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Icons of British Engineering – Thomas Telford FRS FRSE

This month we’ve chosen to profile a world-renowned civil engineer and architect from Scotland; Thomas Telford, first President of the Institution of Civil Engineers, and known as the Colossus of Roads (see what his poet friend Robert Southey did there?) – a man who was hugely influential in his day and whose reputation as a truly great engineer has grown since.


Telford was born in 1757 to an Eskdalemuir Kirk, Dumfries and Galloway, farming family. His father John, a shepherd, died shortly after Thomas’s birth leaving mother, Janet Jackson, to raise him in poverty. These humble beginnings drove Telford to achieve beyond expectations, initially training in stonemasonry as a young teenager, moving on to work in Edinburgh and then, in 1782, London where he began designing and managing building projects. In 1787, he was appointed Surveyor of Works in Shropshire and it was in this role that he started to make his name as a renowned architect and bridge builder, with forty bridges to his name in Shropshire alone.


Telford is perhaps best known in Wales for his design of the spectacular Pontcysyllte Aqueduct over the River Dee in the Vale of Llangollen, pioneering new techniques for construction and manufacture, and which – as a part of the larger Ellesmere Canal project – remains a potent and very visible symbol of his vision. The aqueduct was designated a UNESCO World Heritage Site in 2009.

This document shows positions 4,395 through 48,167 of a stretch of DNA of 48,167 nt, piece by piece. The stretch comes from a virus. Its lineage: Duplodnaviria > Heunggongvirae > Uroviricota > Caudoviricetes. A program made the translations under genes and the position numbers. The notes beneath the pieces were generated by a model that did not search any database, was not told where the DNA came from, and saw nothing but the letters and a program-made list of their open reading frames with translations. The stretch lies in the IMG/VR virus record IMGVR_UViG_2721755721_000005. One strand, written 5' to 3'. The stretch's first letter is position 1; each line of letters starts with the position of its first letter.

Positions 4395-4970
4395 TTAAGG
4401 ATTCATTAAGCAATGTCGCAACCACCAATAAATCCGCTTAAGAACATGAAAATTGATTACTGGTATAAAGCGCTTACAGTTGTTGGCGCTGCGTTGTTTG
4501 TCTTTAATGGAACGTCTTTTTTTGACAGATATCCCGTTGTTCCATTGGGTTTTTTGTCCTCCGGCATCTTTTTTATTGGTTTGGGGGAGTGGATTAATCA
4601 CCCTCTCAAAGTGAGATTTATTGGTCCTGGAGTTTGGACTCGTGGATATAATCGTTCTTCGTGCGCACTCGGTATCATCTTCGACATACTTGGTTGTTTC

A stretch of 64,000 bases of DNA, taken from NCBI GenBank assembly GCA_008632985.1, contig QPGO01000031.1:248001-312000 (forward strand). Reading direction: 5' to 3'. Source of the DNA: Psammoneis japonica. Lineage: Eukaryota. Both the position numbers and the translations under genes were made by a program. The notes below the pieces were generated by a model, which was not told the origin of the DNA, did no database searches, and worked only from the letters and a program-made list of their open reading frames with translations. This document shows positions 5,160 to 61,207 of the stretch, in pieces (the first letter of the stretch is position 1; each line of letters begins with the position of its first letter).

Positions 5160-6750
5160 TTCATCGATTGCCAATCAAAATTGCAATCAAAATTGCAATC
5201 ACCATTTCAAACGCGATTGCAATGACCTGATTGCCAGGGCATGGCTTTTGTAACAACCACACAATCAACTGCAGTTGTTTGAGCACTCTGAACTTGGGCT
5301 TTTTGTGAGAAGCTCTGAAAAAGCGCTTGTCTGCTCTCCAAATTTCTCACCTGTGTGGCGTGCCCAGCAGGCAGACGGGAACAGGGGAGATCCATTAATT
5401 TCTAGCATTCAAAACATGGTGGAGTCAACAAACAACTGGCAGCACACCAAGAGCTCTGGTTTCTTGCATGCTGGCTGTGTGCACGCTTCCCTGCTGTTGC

During his later years, Telford was responsible for rebuilding sections of the London to Holyhead road; today, much of the route is the A5 trunk road featuring – on the island of Anglesey (Ynys Mon) – the crossing of the Menai Strait, his most formidable challenge. The famous Menai Suspension Bridge, spans 580 feet (180 m) and was the longest suspension bridge of the time.

In 1801 Scotland, with the influence of his patron William Pulteney, Telford devised a master plan to improve communications in the Highlands, a massive project that was to last some 20 years. It included: the building of the Caledonian Canal along the Great Glen; redesign of sections of the Crinan Canal; some 920 miles (1,480 km) of new roads; over a thousand new bridges (including the Craigellachie Bridge); numerous improvements (including works at Aberdeen, Dundee and Peterhead); and 32 new churches.

Telford also undertook highway works in the Scottish Lowlands, including 184 miles (296 km) of new roads and numerous bridges, ranging from a 112 ft. (34 m) span stone bridge across the Dee at Tongueland to the 129 ft. (39 m) tall Cartland Crags bridge near Lanark.

Telford also constructed the Gota canal between Gothenburg and Stockholm, travelling to Sweden to personally oversee the more important initial excavations.

Many of Telford’s projects, incidentally, were undertaken due to his role as a member of the Exchequer Bill Loan Commission, a body set up under the Poor Employment Act of 1817 to finance public work projects during a time of high unemployment.

In 2011 Telford was one of seven inaugural inductees to the Scottish Engineering Hall of Fame. A truly remarkable man and innovative British Engineer. We salute you!